At one point, the top brass at the prestigious bank ambushed a junior bank examiner, becoming “loud and combative” when he disclosed disputed results of an exam.
Those incidents are part of a rare and detailed look into the interactions between Washington regulators and Wall Street, described in congressional testimonies Friday and a Senate report on a massive trading loss at JPMorgan.
The documents and testimonies show a dynamic: Executives at the nation’s largest bank at times bullied federal examiners. The examiners at times gave in.
In a six-hour hearing Friday, top officials at the Office of the Comptroller of the Currency, which regulates the biggest banks, came under fire from lawmakers for tolerating impudent behavior by JPMorgan executives.
“We had a $157 billion high-risk derivatives portfolio here that the OCC hardly knew existed. And that strikes me as being a hidden financial risk. Is that the way the OCC views it?” questioned Sen. Carl Levin (D-Mich.), who chairs the Permanent Subcommittee on Investigations, which issued the report on the Wall Street giant’s $6.2 billion trading blunder.
“I would view it that way, yes, sir,” answered Scott Waterhouse, the primary OCC official in charge of JPMorgan.
“Now, is this something that — that OCC has to or is expected to have to ferret out, or is this something that the banks are supposed to disclose?” Levin shot back.
Waterhouse responded: “The responsibility would lie first and foremost with management. . . . And then . . . we ought to be informed, receive the regular reports, and understand the risks as they transpire.”
But that’s not what happened.
The Senate report, released Thursday, revealed that JPMorgan hid losses for several months, ignored internal controls and manipulated documents. Lawmakers also hammered bank executives at the hearing for withholding information about the nature of the portfolio. Bankers took the brunt of the barrage of questions from Levin and others, but regulators did not escape his scrutiny.
There are some 70 staff members from the OCC stationed inside JPMorgan, not to mention the 40 examiners from the Federal Reserve. These federal officials police departments that pose the greatest risks, yet they failed to act as the bank’s investment office made increasingly large and volatile bets.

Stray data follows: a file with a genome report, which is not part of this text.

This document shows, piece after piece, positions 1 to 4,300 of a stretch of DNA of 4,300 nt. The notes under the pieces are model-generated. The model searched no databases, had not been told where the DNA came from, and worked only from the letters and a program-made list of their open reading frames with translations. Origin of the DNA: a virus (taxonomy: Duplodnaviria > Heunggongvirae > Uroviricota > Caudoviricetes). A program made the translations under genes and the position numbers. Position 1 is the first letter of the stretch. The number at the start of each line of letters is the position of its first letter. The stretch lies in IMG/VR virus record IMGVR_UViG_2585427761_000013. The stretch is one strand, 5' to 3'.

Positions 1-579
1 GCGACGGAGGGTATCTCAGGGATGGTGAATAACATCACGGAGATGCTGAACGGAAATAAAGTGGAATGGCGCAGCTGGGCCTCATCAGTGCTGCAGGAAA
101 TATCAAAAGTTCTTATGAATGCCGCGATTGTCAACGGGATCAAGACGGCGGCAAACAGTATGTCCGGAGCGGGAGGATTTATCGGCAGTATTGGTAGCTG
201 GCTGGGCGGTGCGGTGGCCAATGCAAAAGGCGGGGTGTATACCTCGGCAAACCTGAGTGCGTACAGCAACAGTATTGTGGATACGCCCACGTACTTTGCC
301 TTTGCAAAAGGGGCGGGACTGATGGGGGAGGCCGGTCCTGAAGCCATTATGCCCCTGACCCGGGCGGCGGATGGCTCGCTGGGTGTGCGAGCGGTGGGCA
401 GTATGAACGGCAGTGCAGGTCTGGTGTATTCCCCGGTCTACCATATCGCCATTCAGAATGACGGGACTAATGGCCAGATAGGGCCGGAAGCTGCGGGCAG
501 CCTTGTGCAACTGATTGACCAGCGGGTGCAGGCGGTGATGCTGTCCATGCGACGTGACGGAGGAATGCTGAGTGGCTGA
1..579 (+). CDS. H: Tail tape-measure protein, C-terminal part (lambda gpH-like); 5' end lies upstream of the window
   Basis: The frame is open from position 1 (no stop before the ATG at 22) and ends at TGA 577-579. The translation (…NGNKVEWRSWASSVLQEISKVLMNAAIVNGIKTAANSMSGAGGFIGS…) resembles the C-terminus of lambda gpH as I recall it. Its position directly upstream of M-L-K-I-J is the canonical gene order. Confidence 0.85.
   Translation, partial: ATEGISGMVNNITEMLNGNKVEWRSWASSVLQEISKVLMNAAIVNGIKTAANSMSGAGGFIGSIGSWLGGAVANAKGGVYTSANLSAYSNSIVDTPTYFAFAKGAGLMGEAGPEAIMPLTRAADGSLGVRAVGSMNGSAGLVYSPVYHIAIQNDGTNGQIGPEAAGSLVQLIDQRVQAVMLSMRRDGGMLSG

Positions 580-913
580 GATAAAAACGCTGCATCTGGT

Waterhouse acknowledged that he did not consider the trading portfolio to be high risk until April of last year, when the Wall Street Journal published an article about the losses.
The Senate report accused JPMorgan executives of using subterfuge to prevent regulators from becoming alarmed by the mushrooming portfolio. Lawmakers, nevertheless, insist regulators should have kept a closer watch on the JPMorgan unit, rather than periodically reviewing its activities.
At the hearing, Thomas Curry, the comptroller of the currency, was contrite about his office’s failure to quickly identify the full scope of the losses.
“There were red flags that we should have noticed and acted upon,” Curry said. But “we have taken actions to strengthen our supervision.”
Once the OCC became aware of the entirety of the problems at JPMorgan, the agency did slap the bank with an enforcement order to remedy its faulty risk management practices.
Bank regulators are routinely criticized by lawmakers for being too timid, too slow or too friendly with the companies under their watch. Regulators have contended that they cannot micromanage the activities at firms and do their best to catch problems as they occur. And they have noted agencies are often underfunded and workers stretched too thin.
This is not the first time the OCC has tangled with the Senate subcommittee. In July, the regulator was chastised for failing to take more aggressive enforcement measures against HSBC after learning about the bank’s alleged money-laundering activities.